The Third Day
- Hi Matthew (and other list members)
I'm coming in late in this thread, but if not on the first day ...
I have great interest in Jn 2:1-11 and have read through
parts of your essay. Your interpretation reminds me much
of the old saying: scriptura scripturae interpres, which has
something to it, but is unacceptable to me when historical
facts are in danger to be sacrificed for interpretational matters.
Please see also below.
re yr Message 3927 Tue Dec 30, 2003 6:00
You wrote to Mike Grondin (a.o.)
>On the superficial level, we might mistakenly understand the CanaYou mean, we put all miracles out of the gospels as having
>Miracle as an actual historical event (changing of physical water into
>physical wine), ...
no (historical) reality?
I put it broader. Why does there seem to exist a need for you to
prefer the allegorical meaning over the historical one?
In modern times in my opinion this approach is no longer necessary
thanks to (the theories of) quantum mechanics.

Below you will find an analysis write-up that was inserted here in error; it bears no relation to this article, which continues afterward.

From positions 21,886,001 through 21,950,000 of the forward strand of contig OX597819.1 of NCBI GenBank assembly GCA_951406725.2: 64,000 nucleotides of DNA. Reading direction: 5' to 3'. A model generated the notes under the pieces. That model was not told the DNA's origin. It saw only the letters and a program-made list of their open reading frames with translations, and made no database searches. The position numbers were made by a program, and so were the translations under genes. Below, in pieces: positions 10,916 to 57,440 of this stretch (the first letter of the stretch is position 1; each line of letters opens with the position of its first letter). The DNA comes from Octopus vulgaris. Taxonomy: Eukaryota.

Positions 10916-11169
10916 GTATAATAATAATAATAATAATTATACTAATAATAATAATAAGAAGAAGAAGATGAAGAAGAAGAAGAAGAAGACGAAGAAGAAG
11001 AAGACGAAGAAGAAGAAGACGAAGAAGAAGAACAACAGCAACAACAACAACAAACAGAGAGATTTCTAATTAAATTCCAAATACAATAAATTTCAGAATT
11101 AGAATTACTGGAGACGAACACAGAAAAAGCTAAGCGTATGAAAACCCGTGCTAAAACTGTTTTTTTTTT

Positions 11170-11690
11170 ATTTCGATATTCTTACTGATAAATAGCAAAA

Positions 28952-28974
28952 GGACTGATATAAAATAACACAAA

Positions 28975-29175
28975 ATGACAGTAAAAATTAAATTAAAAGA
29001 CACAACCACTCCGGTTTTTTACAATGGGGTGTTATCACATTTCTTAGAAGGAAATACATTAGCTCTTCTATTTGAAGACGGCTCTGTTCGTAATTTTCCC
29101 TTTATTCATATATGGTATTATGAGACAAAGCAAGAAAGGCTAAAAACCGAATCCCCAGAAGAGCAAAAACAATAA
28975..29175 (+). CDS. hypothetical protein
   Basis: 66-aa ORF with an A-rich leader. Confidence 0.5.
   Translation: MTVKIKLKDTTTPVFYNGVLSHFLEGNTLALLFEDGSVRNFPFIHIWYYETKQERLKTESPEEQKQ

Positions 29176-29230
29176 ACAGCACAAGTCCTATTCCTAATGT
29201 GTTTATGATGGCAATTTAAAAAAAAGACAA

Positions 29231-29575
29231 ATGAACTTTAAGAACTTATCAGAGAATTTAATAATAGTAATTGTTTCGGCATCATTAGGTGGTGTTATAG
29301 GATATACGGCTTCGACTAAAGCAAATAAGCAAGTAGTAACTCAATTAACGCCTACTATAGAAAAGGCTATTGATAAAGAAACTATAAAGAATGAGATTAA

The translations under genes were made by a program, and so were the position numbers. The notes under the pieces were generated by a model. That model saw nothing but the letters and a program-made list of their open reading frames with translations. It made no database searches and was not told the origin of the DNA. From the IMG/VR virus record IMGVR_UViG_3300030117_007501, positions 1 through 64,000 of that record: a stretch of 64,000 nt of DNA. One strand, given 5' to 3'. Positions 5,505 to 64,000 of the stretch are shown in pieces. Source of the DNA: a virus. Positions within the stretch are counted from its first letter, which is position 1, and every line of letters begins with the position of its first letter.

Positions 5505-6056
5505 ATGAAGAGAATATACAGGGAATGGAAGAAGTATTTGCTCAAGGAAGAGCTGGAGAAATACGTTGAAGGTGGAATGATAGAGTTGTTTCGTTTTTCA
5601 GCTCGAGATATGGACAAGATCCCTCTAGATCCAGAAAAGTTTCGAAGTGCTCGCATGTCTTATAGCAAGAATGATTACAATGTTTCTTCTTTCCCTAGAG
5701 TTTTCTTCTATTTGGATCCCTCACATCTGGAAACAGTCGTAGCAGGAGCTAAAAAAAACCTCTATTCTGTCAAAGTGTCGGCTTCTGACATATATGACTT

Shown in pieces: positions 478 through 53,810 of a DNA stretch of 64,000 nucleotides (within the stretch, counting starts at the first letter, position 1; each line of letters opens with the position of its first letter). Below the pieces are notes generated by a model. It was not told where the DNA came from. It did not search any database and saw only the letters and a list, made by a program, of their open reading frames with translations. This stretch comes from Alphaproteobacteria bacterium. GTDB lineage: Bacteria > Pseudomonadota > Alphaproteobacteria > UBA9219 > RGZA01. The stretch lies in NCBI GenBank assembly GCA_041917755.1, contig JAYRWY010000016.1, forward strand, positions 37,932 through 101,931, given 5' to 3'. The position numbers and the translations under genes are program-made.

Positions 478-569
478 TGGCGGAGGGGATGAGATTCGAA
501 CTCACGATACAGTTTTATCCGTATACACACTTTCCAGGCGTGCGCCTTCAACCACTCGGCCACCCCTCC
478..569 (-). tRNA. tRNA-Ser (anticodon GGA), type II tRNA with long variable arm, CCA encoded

If I see an apple, there is the 3 dimensional (historical) apple
present, but at the same time there is the real existene of
molecular, sub-atomic and field levels. Some might even
consider the ultimate level (cmp unified field theories) more
real than the presence of the tasty and juicy ('historical')apple before
your eyes or in your hands, the hands to which the same story applies!
Im my vision of the Fourth Gospel , John may have his spiritual
interpretational eyes most on the Unified Field - God - level, but
why should he become incorrect in rendering historical matters?
Who invented this myth that the gospel writers as almost by
definition would sacrifice history for making allegories?
In christian symbolism John is often depicted as a high flying eagle.
Many take this to be indicative of Johns high flying transcendental
or metaphysical approach to the story ('history') of Jesus.
One tends to forget I think (and I would like to emphasise this aspect):
The eagle is also a bird which has superior eyes and spots everything
moving on the earth surface (the superficial value of history) very well and
I think this metaphor may help to explain or validate why John Robinson
is not willing at all to allow doing away with the many fine details in
story which seem to be indication of historical exactness in the FG, rather
than springing from a phantasised temporal and local frame(work), made up
only in the mind of the evangelist himself.
I think the story of Jn 2:1-11 is an abreviated or condensed version of
that have significance on many levels, but have their solid base in the
of history. If no base in the historical facts, I think the writer of this